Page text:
|waiting, knitting, watching at SFO|
The little kids shrieking "daddy" as they hurtled toward that exhausted looking guy with the laptop and carry on - the same guy who instantly transformed into Super Dad filled with love, energy and laughter.
The reserved, proper and elderly parents overcome with excitement and emotion as their kid(s) emerged from the exit. Tears, laughter, hugs, kisses.
The uber business 40-something woman who dissolved into sobs as soon as she saw mama, a tiny little thing with arthritic fingers - but those fingers wouldn't let go of her grown up little girl.
I started thinking about how to create that same anticipation, excitement and - dare I say it - love, for our customers.
How do you greet and welcome your customers? Do you have autoresponders that thank them for their order, giving virtual hugs (in a non-icky way?)? Do you email/contact each customer personally? If not you, does someone else? Do you check to see if your latest order is from a returning customer, and if so, do you thank them for coming back?
I know quite a few online business owners who don't contact their customers individually, feeling it too intrusive and pushy. I wonder how they greet their family and friends at the airport?
I'll be honest - I'm a terrible customer myself. It is HARD to sell me anything. I don't usually want to chit chat when I go to a yarn or fabric shop. I have a long to do list and am focused on which flavor of frozen yogurt to pick up on the way home (yum). But one of my local yarn shops (my very favorite) always turns me around. I may walk in harried, focused, "get in and get out." And walk out with a huge bag of yarn, happy as a clam, having spent a nice chunk of time visiting with the owner or salespeople, having a good time. All because the owner and staff treat me like family. As though I just stepped off the plane. (Sometimes even with a hug!) We pick up where we left off, talking about projects or ideas or plans or new yarn or designs. We're visiting more than they're selling, yet I walk out with a huge bag (or two). In the visiting, they let me know about new shipments of my favorite yarns.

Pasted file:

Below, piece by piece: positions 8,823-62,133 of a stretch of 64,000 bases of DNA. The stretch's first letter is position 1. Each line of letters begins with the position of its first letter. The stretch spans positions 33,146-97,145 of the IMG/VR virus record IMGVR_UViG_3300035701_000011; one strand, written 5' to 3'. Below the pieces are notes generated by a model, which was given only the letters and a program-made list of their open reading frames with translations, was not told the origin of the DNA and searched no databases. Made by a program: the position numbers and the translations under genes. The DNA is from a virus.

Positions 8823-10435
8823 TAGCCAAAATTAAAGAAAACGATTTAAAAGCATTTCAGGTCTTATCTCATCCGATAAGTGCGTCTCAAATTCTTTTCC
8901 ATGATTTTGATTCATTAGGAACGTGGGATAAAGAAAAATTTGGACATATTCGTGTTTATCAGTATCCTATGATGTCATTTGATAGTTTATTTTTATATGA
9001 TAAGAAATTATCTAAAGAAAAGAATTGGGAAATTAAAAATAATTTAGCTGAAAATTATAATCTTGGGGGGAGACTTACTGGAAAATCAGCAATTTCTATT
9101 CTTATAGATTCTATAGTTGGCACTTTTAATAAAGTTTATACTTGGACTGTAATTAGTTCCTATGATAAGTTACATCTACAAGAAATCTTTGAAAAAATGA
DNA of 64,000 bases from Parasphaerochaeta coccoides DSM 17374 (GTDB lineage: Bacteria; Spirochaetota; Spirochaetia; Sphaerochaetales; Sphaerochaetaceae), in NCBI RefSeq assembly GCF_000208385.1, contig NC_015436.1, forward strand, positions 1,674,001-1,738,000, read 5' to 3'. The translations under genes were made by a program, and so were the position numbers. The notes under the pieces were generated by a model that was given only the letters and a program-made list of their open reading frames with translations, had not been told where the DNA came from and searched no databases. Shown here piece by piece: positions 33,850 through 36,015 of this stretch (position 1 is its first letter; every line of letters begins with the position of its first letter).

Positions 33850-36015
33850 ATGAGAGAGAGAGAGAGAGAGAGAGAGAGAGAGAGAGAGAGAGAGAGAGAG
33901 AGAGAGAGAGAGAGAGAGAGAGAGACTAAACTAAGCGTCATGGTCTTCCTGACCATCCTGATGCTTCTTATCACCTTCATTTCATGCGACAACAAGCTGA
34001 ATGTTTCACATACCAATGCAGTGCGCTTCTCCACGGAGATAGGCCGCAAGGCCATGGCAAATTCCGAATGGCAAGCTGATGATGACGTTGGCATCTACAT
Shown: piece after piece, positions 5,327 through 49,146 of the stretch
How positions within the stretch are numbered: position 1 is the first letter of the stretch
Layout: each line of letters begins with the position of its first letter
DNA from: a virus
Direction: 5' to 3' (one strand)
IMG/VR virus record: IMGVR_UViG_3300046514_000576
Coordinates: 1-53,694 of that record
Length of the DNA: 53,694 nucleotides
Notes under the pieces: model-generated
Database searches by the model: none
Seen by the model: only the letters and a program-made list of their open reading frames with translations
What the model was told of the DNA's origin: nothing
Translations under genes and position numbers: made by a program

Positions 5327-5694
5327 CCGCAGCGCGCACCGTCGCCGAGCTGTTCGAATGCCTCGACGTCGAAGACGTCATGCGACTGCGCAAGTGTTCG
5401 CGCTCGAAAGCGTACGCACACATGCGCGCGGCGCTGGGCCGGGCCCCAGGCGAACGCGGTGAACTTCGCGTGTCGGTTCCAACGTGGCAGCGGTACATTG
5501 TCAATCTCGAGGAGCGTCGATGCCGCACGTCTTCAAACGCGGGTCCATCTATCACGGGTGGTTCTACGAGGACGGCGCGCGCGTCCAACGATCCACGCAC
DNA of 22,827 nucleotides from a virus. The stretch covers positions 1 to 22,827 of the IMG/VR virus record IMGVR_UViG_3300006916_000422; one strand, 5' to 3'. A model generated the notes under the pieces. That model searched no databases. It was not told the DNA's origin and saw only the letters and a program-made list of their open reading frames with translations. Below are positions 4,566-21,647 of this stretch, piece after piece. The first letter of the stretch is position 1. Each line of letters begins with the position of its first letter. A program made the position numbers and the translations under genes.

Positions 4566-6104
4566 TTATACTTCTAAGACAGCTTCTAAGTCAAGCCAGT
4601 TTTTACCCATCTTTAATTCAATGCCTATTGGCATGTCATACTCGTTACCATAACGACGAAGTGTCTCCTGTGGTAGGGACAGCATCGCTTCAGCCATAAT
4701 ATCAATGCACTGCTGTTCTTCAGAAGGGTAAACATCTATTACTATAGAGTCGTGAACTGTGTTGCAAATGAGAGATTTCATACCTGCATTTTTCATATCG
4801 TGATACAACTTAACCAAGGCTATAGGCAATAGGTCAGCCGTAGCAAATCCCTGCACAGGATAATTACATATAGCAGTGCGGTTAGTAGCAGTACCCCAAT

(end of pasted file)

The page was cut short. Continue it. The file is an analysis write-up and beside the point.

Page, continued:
Easy to do in a real live brick and mortar shop, right? If it's so easy ... why don't other shops do the same? More difficult to do with an online business? I don't think so - I think it's just as easy to make someone feel welcomed - but it does take some work, and I'll be talking about it this and next week.
Who are your customers (you don't have to be a business owner to answer this - anyone who works in any capacity has "customers!")? What is one thing you can try this week to change how you greet/welcome your customers?